His own supporters are disappointed not to have a firm commitment over the Lisbon Treaty referendum promise. The referendum is still believed by most to be the best tactic or avenue to express British euroscepticism, judging by the scribblings of Conservative supporters, and those who have drifted off into minor parties.
But in truth, if you want referenda to resolve the EU issue for Britain, why worry exclusively about the Lisbon Treaty? If we are to open up a discussion of Europe, as Dan Hannan says on his blog, we should be reopening the file on other Treaties which were not put to referendum too, including Nice, Maastricht and all. Lisbon is only the last nail in Britain’s coffin.
And in any case are referenda the only avenue available to negotiate and articulate the eurosceptic appetite growing across Britain? There are other possibilities.
One idea is a little bit lateral, but once you think about it, quite a good one. Why don’t the Conservatives notice something?
That something is this. The topic of proportional representation has disappeared from the list of demands from the Liberal Democrats, or the thoughts of Labour, when at one time, it was dragged out as a primary threat against the eurosceptics. The reason for that is this. As the minor parties have steadily grown from 5% to around 15% in the last few years, PR would not help the Lib Dems much, but would now instead help the eurosceptic movement to win power with an overall majority in Parliament.
NOTE – In the EP elections, Conservatives got 27%. UKIP 16%. BNP 8% and Green 6% – all eurosceptic or withdrawalist. Labour and Lib Dem managed only 29% between them. See chart of EP elections results HERE.
Euroscepticism would have a mandate for power, based on longterm national popular support, not as now where either the foibles of low turnout FPTP voting, which grants supreme power to anyone who can get one quarter of the electorate to vote for it in a general election, or a successful referendum season, would be the basis of an uncertain and probably only temporary rebellion against the EU.
There is another even bigger group of people than the minor parties, whose opinion and votes could be brought to bear on resolving the biggest issue to affect Britain’s future – the missing half of British politics – the non-voter. If the electoral system went to PR, the voters who claim that they think all the big parties are the same, would find there were, instead of no real choice, as they see it, a plethora of small parties they could vote for.
And from the eurosceptic viewpoint, there is not a single small party that supports absorption into the EU, other that is, than the SNP in Scotland, and even they aren’t too sure really.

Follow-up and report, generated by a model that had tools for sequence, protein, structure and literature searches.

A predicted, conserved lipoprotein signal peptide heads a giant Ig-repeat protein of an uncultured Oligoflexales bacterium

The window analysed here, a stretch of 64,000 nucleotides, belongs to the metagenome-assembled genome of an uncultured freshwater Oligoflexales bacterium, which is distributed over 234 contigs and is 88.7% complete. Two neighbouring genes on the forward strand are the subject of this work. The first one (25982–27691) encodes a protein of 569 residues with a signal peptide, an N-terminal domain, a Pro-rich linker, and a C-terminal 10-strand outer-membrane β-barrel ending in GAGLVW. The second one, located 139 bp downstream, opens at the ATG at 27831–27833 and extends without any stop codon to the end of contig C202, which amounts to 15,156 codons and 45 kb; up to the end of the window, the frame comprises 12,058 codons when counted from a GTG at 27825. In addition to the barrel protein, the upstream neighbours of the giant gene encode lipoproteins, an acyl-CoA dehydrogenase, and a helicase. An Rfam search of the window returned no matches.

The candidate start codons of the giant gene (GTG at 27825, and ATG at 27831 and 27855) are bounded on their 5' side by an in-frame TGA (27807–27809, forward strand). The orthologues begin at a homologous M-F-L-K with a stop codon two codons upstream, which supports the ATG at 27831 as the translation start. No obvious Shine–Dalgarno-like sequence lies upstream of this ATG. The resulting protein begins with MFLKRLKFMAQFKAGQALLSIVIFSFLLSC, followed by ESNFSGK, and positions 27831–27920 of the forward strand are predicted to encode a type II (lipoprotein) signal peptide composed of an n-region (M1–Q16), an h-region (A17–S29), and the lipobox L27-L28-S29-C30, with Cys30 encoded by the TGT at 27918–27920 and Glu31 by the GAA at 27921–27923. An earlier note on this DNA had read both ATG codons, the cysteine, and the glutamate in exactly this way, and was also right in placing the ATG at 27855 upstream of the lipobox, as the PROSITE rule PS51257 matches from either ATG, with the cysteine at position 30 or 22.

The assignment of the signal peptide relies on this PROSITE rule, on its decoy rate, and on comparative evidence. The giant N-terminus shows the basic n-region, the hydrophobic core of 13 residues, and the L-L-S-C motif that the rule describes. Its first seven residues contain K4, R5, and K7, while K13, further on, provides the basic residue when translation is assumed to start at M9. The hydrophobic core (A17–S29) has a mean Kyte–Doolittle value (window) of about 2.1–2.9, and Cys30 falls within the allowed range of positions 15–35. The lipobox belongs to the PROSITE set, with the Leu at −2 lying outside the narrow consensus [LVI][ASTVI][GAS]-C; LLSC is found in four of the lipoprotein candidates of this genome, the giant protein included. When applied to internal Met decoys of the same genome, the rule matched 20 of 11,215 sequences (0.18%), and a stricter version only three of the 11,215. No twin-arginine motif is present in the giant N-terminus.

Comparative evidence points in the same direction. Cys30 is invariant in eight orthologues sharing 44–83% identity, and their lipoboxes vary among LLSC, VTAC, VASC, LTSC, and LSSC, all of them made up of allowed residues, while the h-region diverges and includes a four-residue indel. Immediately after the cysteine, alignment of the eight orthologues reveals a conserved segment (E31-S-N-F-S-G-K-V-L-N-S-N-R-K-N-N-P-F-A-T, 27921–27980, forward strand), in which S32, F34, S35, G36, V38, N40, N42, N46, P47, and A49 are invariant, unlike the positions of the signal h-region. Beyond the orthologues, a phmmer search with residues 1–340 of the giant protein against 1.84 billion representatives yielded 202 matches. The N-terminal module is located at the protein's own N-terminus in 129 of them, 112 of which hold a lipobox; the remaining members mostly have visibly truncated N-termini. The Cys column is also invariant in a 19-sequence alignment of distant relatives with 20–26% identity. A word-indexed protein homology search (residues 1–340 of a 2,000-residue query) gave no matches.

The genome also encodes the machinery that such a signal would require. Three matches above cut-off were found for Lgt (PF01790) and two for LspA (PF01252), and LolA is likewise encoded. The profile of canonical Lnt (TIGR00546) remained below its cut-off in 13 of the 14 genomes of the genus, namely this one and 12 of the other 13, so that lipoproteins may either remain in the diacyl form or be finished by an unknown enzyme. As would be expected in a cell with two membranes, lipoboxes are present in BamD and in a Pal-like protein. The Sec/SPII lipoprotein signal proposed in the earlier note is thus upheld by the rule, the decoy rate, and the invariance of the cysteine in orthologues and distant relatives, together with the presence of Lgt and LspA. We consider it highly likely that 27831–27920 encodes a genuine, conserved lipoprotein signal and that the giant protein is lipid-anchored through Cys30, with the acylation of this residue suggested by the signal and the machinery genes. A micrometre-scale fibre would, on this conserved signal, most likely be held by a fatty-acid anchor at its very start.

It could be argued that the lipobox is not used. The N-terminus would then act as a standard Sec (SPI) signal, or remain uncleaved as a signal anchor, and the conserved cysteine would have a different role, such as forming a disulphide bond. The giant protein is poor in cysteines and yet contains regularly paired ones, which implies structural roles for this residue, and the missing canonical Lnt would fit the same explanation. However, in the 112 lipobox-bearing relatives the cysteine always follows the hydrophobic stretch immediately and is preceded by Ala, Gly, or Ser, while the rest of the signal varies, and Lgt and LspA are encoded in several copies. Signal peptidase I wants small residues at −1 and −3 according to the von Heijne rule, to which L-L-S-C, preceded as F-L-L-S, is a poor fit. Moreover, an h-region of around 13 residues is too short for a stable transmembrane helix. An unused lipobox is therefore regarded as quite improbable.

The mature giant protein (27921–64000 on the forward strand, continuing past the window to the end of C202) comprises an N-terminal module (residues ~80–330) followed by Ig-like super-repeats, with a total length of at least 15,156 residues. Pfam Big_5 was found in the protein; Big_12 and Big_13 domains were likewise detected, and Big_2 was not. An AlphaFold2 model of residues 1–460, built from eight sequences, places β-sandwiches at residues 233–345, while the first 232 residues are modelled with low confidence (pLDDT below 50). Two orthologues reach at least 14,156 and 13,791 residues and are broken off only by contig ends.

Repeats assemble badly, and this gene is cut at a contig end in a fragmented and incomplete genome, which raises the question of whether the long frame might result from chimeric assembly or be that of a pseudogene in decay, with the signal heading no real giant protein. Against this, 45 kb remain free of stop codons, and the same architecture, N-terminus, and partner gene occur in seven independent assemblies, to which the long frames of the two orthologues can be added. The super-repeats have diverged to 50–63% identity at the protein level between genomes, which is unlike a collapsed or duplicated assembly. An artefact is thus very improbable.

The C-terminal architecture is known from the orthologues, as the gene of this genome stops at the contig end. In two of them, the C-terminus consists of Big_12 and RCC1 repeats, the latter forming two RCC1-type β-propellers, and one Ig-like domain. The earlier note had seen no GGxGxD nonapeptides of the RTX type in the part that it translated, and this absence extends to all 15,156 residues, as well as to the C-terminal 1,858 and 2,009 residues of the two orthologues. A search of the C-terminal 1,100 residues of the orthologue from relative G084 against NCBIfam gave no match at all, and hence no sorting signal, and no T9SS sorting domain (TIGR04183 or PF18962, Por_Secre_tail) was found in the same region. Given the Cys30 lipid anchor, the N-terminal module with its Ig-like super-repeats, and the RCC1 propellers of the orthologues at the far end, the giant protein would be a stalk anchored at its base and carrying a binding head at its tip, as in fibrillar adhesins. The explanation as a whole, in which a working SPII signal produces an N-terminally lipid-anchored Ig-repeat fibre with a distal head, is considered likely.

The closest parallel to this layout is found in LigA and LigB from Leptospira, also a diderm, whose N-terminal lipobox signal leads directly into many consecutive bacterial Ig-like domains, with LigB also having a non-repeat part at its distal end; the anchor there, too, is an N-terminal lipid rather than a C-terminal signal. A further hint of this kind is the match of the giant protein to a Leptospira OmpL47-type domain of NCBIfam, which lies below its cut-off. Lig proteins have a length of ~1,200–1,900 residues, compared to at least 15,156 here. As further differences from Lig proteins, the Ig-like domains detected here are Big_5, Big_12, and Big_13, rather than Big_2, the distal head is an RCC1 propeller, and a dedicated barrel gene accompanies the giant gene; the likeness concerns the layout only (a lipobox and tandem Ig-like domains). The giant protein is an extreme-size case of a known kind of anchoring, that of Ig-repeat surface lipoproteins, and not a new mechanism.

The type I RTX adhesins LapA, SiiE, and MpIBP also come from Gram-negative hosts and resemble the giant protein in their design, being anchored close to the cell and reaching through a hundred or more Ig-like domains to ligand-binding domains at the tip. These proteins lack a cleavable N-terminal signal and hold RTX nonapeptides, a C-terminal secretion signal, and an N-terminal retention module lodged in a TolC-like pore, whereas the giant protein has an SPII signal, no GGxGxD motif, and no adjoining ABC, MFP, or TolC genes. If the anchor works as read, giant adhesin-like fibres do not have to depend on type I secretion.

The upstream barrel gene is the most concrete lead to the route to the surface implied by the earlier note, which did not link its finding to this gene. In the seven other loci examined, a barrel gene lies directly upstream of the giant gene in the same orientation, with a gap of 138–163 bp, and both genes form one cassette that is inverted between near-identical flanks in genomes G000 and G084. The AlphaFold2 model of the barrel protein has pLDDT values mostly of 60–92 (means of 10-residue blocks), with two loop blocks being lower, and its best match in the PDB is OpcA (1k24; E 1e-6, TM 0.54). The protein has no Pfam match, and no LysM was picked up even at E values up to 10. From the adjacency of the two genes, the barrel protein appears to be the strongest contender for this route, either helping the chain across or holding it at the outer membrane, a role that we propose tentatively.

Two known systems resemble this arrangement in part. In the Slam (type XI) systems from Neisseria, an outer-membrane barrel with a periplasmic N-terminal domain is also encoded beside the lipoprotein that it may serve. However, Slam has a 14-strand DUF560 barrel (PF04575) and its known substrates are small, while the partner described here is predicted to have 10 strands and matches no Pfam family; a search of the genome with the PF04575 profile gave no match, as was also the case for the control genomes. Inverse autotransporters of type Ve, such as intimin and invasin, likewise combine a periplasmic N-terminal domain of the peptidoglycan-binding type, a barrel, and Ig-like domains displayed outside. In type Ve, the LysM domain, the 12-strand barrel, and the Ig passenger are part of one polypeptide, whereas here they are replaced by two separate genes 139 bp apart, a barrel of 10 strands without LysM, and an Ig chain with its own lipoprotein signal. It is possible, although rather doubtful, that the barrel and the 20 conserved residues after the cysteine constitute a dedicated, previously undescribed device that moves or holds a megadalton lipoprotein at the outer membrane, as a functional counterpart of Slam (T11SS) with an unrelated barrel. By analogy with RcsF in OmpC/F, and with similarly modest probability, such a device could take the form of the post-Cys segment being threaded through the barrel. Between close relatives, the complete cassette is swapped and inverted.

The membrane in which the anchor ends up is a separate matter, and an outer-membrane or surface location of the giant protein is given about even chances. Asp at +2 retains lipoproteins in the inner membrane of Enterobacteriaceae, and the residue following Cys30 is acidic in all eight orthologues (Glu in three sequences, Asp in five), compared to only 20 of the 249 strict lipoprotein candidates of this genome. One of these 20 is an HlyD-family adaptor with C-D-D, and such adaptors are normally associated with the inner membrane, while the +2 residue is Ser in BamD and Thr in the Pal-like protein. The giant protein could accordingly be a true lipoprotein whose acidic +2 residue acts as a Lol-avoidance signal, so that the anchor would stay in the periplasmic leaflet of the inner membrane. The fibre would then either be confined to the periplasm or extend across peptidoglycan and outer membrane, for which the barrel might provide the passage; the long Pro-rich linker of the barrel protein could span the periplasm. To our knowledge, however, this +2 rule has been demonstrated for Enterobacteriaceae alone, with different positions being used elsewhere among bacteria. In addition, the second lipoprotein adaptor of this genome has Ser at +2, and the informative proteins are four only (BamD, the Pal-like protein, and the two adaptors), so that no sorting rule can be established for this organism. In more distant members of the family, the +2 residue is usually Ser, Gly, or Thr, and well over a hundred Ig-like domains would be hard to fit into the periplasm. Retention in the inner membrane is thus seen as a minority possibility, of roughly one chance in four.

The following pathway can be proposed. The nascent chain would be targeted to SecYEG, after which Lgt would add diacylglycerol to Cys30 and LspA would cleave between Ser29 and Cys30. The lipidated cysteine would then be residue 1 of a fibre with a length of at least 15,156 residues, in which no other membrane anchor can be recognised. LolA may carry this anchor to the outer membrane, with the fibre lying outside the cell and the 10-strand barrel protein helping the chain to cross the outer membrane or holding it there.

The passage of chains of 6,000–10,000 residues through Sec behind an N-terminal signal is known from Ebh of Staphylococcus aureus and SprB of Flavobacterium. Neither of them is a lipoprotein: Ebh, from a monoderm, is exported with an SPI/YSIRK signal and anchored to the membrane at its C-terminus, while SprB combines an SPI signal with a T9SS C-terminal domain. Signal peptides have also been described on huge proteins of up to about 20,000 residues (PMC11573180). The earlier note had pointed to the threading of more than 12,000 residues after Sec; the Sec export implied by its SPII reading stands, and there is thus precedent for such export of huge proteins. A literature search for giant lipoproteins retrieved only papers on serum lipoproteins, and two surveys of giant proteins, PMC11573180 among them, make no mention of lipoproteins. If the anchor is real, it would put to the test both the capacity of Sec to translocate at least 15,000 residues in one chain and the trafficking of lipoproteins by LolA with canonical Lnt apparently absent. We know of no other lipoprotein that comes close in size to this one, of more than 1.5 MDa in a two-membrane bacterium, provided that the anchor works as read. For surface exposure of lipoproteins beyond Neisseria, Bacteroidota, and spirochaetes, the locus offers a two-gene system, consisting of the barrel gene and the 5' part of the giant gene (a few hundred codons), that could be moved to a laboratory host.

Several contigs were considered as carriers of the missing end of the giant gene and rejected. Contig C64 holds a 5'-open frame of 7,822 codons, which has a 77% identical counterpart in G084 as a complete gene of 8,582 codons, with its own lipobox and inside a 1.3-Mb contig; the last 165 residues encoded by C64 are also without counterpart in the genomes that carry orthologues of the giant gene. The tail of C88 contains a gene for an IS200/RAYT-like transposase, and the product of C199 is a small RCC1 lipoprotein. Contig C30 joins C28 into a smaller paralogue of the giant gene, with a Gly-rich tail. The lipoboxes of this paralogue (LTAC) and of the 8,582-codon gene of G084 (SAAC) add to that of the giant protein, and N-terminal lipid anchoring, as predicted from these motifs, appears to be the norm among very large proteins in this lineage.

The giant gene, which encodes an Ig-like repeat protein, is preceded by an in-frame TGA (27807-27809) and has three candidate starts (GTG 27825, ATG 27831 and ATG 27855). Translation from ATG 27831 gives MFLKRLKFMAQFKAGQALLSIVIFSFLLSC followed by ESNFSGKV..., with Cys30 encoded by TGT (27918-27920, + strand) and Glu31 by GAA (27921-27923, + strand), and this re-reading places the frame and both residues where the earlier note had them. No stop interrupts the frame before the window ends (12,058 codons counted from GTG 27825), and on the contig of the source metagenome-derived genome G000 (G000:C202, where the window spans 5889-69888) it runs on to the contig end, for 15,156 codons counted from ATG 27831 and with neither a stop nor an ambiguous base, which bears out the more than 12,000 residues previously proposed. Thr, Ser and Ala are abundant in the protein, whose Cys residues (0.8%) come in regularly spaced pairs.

As David Cameron and other Conservatives consider their options and struggle to walk the tightrope of EU politics, they should think about this. The Conservatives allied with the current 15% or so who support minor parties, would have at least a real 50% plus majority of Britain’s (voting) electorate backing them for a fundamental renegotiation with the EU. And as the non-voters return, surging into backing minor parties, which under PR would at last be worth voting for, the europhile Labour, Lib Dem and SNP might find themselves relegated to a permanent under-40% between them.
And the Conservative and Independence coalition would be able to negotiate with the EU for withdrawal, not simply based on a referendum which gives a hard to read next step, but on a permanent, or semi-permanent position of strength, and popular support.
Finally, if PR was now to be offered as a manifesto commitment by David Cameron, he would immediately find another 5% or more supporting the Conservatives right now, and his government on 2010 would have a landslide of unimaginable proportions. While PR is prepared for in 2015, Cameron would already have a huge mandate to take on the EU.
He could then brush off the kind of noises coming out of France, Germany and Sweden, as mentioned in The Times today. See the extract below.
Think about it, Conservatives. This would be the end of your troubles, and the end of Britain’s nightmare. We could move on from all this kind of drivel….
From The Times –
Mr Reinfeldt’s remarks follow Ms Merkel’s decision to disband several working groups with the Tories in response to Mr Cameron’s stance on the treaty and his decision to pull his MEPs out of the European Parliament’s main centre-right group. His critical approach to the EU is also thought to have irritated President Sarkozy of France, who has declined to appear at a Tory party conference, yet invited Tony Blair to speak at his centre-right party’s gathering.
EU leaders argue that Mr Cameron as prime minister could not act alone to combat climate change, one of his main goals, whereas the EU is trying to establish a cap-and-trade carbon market to reduce pollution across the continent. They also argue that the EU needs to work together and speak with one voice on repairing the shattered financial system to avoid chances of a repeat crash.
After talks with Mr Reinfeldt, Mr Fischer, the Czech Prime Minister, said he was confident that the country’s unpredictable President, Vaclav Klaus, would sign the Lisbon treaty by the end of the year. This would complete ratification, with President Kaczynski of Poland likely to sign up within a week.
“I am fully and deeply convinced that there is no reason for anxiety in Europe. In the Czech Republic the problem is not whether yes or no, the question is when,” Mr Fischer said, although he added that he had not had a firm commitment from President Klaus.
Conservatives! Get into the PR driving seat NOW
(Image at top from www.fairvote.org)